Low self-confidence thwarting career aspirations
A new report commissioned by the Government Equalities Office has found that low self-confidence has a significant impact on girls’ academic performance – as well as their potential to contribute economically and socially to society.
The report, ‘Costing The Invisible: A Review of the Evidence Examining the Links Between Body Image, Aspirations, Education and Workplace Confidence’ covers 25 studies involving over 49,000 girls and women aged 10-60 across five continents – including the UK.
The conclusions reached are as follows:
- Adolescent girls refrain from getting involved in classroom debate and are missing school because they are uncomfortable with their appearance. Research showed 20% of girls do not put their hand up in class, while 16% do not attend school because of their looks.
- Irrespective of their weight, girls in Finland, USA and China who think they are overweight achieve lower academic grades.
- Young adult women at University who are influenced by others to focus on their appearance do not perform well academically.
- A number of women will not go into work or attend job interviews due to body image concerns.
These findings highlight the extent to which low self-confidence and body image concerns can prevent women and young girls from achieving their full potential academically and in their careers.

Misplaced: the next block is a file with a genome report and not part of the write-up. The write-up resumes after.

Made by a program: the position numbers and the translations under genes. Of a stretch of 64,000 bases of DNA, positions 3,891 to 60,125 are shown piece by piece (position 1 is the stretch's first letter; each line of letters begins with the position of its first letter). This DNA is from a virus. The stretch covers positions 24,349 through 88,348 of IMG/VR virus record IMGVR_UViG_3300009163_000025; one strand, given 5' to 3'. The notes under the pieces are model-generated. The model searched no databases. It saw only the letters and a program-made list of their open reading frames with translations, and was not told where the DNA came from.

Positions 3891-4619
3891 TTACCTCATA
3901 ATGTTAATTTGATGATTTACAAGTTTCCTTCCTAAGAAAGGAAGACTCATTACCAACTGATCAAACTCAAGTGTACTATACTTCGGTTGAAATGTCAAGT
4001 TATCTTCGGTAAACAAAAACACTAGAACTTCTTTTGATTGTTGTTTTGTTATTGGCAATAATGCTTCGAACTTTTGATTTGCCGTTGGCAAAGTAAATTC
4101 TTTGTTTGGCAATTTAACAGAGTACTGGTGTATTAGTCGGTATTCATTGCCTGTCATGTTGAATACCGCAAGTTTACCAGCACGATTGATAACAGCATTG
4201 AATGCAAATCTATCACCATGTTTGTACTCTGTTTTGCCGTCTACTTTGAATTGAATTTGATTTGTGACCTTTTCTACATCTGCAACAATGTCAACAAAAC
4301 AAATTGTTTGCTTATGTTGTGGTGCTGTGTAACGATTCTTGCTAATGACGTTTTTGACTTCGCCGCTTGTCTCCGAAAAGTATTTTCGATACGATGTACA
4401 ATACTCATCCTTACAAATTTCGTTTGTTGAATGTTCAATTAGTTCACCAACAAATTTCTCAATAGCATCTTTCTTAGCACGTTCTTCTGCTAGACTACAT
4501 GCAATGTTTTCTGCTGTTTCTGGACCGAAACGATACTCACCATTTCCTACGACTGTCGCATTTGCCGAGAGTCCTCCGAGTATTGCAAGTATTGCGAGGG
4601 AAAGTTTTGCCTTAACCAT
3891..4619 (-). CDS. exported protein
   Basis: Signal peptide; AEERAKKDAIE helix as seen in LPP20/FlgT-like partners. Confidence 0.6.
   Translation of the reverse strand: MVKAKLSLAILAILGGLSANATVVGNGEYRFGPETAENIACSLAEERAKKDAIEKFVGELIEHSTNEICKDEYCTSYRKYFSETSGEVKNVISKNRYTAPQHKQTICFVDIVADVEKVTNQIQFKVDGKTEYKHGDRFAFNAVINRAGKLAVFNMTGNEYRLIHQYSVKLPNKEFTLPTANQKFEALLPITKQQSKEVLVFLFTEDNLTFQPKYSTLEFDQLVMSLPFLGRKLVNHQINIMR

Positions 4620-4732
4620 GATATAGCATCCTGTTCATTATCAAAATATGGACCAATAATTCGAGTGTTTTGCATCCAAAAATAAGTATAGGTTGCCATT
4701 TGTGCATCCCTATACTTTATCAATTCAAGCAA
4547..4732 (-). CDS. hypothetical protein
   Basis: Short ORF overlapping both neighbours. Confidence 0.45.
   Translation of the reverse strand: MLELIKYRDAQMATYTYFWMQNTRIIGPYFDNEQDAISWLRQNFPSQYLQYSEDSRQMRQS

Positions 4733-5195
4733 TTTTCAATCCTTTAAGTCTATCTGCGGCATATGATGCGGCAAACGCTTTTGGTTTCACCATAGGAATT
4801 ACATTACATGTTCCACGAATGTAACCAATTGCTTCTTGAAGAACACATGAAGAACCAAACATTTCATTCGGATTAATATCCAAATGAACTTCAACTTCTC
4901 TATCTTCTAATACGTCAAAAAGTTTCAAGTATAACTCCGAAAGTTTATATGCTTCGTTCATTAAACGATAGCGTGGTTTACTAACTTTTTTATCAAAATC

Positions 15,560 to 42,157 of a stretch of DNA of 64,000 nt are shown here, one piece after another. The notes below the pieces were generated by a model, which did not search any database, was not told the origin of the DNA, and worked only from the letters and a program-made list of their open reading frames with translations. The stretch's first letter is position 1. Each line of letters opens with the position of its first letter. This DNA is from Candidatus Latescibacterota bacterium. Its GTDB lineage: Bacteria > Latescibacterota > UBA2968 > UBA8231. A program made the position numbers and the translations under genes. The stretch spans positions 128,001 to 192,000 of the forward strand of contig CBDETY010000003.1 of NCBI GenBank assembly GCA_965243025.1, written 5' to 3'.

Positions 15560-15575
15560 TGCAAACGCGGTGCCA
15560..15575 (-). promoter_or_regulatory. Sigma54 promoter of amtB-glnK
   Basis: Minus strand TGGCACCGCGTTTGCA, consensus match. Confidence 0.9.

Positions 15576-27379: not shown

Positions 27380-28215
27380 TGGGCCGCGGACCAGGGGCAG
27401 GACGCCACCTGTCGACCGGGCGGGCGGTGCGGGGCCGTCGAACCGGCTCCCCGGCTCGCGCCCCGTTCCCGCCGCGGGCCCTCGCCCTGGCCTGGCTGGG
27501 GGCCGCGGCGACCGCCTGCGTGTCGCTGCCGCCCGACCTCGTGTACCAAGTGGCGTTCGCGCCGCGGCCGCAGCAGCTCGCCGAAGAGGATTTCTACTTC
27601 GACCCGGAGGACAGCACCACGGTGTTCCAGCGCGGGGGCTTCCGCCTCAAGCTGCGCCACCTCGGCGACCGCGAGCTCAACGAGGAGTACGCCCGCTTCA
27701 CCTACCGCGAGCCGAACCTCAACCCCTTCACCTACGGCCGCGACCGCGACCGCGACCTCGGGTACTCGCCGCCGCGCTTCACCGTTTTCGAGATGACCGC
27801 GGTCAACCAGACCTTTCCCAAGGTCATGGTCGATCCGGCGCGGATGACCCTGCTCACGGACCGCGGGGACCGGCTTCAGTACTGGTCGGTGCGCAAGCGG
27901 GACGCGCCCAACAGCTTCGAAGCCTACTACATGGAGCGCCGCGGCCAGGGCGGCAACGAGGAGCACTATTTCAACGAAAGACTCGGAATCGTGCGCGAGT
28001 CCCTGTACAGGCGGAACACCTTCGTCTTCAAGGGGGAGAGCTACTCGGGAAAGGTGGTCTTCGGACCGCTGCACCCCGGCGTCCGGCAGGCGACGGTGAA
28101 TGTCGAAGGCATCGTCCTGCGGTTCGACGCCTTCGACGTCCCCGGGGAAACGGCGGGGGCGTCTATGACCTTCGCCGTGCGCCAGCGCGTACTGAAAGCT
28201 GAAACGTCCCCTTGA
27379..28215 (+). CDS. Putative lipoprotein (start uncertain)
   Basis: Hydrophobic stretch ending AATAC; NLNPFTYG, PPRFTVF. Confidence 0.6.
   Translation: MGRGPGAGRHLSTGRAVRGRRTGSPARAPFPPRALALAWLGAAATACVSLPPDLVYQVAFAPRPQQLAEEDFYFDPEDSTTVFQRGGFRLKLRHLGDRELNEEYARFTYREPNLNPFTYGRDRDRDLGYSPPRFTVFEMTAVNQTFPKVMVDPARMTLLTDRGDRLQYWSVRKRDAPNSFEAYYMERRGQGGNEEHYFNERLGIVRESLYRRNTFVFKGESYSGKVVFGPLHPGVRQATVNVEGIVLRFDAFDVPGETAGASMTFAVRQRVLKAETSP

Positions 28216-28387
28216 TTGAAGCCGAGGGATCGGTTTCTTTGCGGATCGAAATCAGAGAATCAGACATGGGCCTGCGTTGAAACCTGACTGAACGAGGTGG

Cultural pressures and current unrealistic standards of beauty are considered largely to blame, and the report states that such messages are “thwarting girls’ ambitions at a time when society is apparently opening up to them.”
Jo Swinson MP, Minister for Women and Equalities said: “There is a lot of focus on the anxiety poor body image causes to young people, but much less attention on how its effects can spill out across all areas of life.
“This report forces us to consider how much creativity, energy and ambition would be unlocked if we could relieve girls from the unwavering, critical scrutiny of a society obsessed with a narrow and unrealistic ideal of beauty.”
Whilst awareness is growing of the consequences of body image issues, particularly among young girls, the authors of the report argue much more needs to be done to take the emphasis off appearance as the intrinsic link to a person’s value.
Dr Emma Halliwell, senior lecturer in Psychology, Centre for Appearance Research, and report author said:
“We need to challenge the ubiquitous messages that female appearance is of central importance and begin to focus on all of the other ways in which girls and women can excel.
“By ignoring this issue, we all become complicit in reinforcing these damaging messages. By actively challenging this overemphasis on appearance we can improve the lives of both women and men.”
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